This article and other features about the golden era of American cars can be found in the Post’s Special Collector’s Edition, American Cars: 1940s, ’50s & ’60s.
The Edsel would come to be known as one of the biggest product failures in automotive history. But just weeks before the launch, without the benefit of clairvoyance, a Post editor breathlessly described a cross-country jaunt in the new “mystery” vehicle.
—Originally published August 31, 1957—
The event of this week is the introduction of the first entirely new American motorcar of Big Three parentage in approximately a generation. The newcomer is the Edsel, a well-known if not particularly euphonious family name from the Ford tree. Commercially the Edsel is a competitor for General Motors’ Buick, and it raises the Ford volume lines of cars to four.
I first met the Edsel in early May a few steps off Oakwood Boulevard in Dearborn, Michigan, behind a protective wall of masonry and security guards. The debutante car was disreputably dressed, for a purpose. As far as was practical, its newness had been concealed or somewhat altered. The car was then officially unborn, although actually three secret years old. We were to go for a spin, furtively and by the worst routes, deep into the Western states. There were three automobiles — a green Edsel, a black Edsel, and a workhorse Ford station wagon carrying engineering equipment, extra Edsel parts, suitcases, coveralls, and potato chips. We made a convoy, two of us in a disguised or blacked-out condition, and we were hooked together by radio-telephone and a comradeship of semi-secrecy.
Although the basic engineering of the new car had been thoroughly honed on guarded proving grounds, it was still necessary to subject the nearly finished product to the experience of assorted public highways on the plains, over the mountains, and through the deserts. The trip had to be somewhat sneaky. We had to avoid too-close and too-frequent public inspection. We dared not offer anyone a chance to take pictures which might be published prematurely or delivered to competitive manufacturers, thus making an anticlimax of this week’s debut.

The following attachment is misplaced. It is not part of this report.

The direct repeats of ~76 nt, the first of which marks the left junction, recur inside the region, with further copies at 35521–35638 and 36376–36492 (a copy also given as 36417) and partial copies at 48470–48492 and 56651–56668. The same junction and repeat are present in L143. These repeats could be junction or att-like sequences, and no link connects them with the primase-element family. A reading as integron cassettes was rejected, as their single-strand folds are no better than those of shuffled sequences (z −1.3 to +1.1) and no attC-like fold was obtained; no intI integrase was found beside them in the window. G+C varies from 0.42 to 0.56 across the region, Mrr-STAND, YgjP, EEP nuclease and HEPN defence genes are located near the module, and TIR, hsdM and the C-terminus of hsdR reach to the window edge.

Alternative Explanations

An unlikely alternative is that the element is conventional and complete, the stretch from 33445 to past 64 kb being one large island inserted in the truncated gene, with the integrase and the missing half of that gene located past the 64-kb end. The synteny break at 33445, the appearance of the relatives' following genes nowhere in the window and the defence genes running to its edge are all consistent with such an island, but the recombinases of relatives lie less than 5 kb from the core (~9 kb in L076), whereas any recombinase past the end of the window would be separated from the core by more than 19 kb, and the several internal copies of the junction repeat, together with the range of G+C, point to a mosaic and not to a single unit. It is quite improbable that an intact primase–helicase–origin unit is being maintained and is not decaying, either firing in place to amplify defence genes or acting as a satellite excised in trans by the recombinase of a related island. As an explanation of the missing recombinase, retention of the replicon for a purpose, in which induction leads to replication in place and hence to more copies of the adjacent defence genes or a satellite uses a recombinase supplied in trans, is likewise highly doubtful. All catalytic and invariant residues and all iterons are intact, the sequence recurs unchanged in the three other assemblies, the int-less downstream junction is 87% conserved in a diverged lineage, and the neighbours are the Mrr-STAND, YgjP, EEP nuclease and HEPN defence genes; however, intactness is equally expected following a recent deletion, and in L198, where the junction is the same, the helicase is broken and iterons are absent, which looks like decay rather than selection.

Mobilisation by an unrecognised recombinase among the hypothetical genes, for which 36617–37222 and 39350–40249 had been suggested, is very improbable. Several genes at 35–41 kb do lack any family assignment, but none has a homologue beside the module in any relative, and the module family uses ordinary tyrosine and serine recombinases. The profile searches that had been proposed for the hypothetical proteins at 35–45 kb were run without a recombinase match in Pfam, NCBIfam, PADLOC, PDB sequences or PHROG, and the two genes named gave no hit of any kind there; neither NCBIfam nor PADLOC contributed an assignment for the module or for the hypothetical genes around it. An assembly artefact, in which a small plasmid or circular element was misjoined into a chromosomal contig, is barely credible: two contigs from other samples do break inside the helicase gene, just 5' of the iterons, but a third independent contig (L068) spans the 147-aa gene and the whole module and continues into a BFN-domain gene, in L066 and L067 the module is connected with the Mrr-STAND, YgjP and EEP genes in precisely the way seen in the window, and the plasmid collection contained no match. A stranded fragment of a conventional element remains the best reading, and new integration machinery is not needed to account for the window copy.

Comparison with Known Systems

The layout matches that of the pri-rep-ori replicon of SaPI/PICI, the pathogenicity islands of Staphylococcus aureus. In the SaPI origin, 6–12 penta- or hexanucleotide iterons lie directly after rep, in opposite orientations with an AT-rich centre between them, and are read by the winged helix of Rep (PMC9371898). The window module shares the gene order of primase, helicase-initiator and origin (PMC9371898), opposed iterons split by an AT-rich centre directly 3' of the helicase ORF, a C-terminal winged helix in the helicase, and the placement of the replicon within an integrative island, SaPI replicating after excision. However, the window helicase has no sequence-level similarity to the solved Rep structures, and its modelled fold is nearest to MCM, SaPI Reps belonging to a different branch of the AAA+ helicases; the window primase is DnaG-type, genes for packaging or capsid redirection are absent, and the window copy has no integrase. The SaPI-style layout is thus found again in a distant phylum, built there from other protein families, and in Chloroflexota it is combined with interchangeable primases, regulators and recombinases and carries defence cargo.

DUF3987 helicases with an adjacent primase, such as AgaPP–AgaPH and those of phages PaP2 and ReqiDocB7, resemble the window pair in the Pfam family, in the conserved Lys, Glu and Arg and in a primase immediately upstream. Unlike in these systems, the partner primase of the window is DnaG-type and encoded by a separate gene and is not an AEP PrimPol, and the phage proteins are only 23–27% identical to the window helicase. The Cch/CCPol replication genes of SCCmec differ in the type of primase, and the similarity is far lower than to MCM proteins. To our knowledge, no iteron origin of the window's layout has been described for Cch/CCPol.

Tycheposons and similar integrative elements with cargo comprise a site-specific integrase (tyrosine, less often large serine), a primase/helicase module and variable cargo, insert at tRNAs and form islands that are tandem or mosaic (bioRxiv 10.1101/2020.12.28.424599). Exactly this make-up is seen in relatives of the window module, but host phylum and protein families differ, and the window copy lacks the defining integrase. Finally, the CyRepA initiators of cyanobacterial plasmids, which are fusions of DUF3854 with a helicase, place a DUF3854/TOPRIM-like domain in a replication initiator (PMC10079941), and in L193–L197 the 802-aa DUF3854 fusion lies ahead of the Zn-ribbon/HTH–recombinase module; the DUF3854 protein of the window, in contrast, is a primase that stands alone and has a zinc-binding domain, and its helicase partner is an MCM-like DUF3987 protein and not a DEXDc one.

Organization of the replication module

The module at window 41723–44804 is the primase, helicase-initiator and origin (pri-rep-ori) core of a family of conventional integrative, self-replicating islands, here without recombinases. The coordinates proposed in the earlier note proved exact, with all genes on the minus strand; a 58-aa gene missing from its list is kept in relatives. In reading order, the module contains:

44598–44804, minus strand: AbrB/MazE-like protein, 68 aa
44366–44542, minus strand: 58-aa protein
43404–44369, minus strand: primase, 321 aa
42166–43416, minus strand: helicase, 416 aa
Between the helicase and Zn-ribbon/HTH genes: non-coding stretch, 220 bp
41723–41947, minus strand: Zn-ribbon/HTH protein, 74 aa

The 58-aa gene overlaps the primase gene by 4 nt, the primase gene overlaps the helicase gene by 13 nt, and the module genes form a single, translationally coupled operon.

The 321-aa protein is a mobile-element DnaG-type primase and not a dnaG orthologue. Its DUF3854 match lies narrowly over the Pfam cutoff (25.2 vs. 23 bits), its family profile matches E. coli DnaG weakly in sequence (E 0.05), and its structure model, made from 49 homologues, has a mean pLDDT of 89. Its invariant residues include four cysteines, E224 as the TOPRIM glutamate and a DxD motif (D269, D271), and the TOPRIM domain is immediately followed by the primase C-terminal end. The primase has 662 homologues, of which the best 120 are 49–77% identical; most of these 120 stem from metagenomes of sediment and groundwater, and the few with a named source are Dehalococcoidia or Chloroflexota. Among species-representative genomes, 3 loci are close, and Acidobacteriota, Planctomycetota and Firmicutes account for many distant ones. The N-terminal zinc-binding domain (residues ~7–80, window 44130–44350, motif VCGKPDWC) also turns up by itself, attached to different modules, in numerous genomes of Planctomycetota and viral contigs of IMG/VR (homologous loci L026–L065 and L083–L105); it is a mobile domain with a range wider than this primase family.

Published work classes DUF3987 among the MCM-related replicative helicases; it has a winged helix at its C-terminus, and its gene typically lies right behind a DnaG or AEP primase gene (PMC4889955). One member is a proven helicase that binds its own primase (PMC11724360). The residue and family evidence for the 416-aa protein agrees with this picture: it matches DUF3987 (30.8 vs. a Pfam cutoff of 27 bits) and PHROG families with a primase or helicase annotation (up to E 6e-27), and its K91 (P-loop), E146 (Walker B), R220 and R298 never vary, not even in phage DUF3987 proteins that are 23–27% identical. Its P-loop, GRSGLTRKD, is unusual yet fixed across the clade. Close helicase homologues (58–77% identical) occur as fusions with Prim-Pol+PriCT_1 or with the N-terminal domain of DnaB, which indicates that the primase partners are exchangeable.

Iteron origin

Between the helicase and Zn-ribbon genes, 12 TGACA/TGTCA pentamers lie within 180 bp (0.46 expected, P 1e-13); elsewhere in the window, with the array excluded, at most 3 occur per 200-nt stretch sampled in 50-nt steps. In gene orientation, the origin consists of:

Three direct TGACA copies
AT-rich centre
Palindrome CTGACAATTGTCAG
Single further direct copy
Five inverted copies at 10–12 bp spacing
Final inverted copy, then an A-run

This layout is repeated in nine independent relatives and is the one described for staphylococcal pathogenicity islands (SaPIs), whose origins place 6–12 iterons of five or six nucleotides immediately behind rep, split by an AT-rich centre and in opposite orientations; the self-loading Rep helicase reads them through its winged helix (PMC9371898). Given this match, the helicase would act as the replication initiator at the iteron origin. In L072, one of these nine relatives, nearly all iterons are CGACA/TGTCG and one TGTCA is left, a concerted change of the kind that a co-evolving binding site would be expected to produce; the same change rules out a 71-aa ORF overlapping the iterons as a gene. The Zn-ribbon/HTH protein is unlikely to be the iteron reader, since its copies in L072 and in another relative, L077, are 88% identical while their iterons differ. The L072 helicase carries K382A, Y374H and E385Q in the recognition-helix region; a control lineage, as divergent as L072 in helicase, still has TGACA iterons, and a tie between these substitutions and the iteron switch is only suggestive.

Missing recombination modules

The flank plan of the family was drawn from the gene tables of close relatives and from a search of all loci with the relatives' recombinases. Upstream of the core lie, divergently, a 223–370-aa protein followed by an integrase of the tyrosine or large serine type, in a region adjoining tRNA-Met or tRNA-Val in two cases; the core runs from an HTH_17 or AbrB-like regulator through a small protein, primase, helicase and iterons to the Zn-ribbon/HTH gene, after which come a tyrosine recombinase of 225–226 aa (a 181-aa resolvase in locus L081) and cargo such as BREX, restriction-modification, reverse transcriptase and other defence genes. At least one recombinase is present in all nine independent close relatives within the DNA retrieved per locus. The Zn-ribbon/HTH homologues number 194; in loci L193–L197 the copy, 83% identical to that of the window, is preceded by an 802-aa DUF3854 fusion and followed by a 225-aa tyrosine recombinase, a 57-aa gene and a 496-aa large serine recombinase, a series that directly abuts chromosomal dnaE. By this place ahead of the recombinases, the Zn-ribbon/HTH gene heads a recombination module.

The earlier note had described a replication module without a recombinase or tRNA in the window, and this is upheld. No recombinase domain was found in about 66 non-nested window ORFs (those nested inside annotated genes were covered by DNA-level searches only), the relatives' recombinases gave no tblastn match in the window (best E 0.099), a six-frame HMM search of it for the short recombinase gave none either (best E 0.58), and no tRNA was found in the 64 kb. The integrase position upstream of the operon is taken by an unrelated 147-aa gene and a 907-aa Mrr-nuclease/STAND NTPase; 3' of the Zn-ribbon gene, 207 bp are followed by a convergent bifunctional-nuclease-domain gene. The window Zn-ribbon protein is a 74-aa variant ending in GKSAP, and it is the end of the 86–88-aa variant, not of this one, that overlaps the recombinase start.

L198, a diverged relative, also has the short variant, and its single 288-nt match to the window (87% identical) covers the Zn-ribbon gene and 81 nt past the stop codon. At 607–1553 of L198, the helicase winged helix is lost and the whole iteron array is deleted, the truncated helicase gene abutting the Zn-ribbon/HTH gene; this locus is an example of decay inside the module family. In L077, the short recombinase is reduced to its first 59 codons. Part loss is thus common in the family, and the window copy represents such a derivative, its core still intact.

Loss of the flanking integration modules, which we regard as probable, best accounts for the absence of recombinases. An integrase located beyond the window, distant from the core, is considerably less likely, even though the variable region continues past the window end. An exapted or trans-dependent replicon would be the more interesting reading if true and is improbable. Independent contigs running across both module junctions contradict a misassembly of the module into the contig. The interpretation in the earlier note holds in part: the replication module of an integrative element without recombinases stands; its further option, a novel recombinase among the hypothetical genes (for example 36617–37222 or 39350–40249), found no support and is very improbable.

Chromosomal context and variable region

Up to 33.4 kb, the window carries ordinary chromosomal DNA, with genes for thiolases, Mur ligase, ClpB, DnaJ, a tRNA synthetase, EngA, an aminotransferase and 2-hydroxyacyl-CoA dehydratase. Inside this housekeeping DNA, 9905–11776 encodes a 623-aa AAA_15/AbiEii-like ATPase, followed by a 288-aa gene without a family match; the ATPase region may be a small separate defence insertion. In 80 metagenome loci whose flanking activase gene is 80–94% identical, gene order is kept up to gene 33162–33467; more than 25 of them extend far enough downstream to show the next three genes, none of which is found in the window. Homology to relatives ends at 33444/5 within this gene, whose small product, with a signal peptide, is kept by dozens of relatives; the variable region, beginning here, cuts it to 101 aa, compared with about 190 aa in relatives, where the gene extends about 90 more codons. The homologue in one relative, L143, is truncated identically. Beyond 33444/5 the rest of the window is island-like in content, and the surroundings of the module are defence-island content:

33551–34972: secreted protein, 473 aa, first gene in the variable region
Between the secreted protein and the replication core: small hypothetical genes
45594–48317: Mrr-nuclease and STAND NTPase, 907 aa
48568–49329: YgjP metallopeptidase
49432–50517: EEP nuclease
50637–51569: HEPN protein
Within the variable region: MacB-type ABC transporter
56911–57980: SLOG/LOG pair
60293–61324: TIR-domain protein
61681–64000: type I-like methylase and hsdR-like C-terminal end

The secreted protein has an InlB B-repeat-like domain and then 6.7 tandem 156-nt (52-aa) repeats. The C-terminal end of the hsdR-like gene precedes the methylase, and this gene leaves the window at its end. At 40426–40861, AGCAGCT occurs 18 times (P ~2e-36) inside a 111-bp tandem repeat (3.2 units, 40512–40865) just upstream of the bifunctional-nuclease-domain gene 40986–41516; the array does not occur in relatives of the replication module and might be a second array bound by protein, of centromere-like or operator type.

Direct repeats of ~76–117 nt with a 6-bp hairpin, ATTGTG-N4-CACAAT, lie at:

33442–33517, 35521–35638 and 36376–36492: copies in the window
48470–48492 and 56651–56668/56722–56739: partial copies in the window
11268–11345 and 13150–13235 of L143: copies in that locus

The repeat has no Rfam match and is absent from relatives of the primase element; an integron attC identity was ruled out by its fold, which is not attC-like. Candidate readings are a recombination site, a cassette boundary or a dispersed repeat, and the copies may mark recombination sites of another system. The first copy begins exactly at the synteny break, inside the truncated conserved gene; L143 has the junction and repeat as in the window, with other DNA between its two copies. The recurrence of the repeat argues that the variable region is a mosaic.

Such concealment is normal in road trials of annual models by every member of Detroit’s cloak-and-dagger auto industry. For a brand-new line of automobiles it is twice as important. And yet there is a delicate limit to the camouflage. A blackout complete enough to breed no talk, rumors, or anticipation would be painful. A new car, ideally, should be heard about but not seen. It was quite all right for us to pique curiosity, wrong to satisfy it.
Our Edsels were part handmade and part production models. They wore black adhesive tape over chrome trim or had the trim removed. Each bore a pair of meaningless metal plates concealing part of the rear contours. Rear taillights were 1951 Ford lights tacked into place.
We risked the road on a Monday morning. In a hazy way, we felt like a bank guard carrying a billion dollars, hoping our position of special privilege might be noticed, but somewhat fearful that it would. Manifestations of interest and curiosity were almost immediate — and uncomplimentary. A passenger beside the driver of a passing car stood up on the seat to gaze at us. He was a boy of about 4. He would have shown more interest in a delivery truck. A dog charged out of a front yard and yelped us along for 50 yards. It was the first Edsel he had ever barked at, and I had the definite feeling he would have barked harder at a 1912 Maxwell.
From then on, the degree of interest in automobiles shown by American citizens began to crystallize. Single drivers were the most persistent inquirers. Most commonly they would pick us up in a town, follow out on the highway, shoot ahead for a front look, and finally give us up, turning back to town.
In Wichita, Kansas, a driver with a knowing grin pulled alongside the green Edsel and started rolling down his window. We pulled back. He pulled back. We jumped ahead. He followed for 20 blocks and through three turns. We put him on our radio: “Fellow in a light green Ford looking us over.”
The lead car asked, “Has he got a camera?”
He did not.
We stopped for gas, for meals, for motels. And then the patterns of interest changed entirely. Now we became familiar with “Hey, Mac ——”; “Hey, you ——” ; “Say ——”; “Hey, mister, what kind of car is that?”
We were allowed only one stock answer. “Experimental car.” Sometimes it was enough, but not often. “Yeah, but what kind of experimental car?”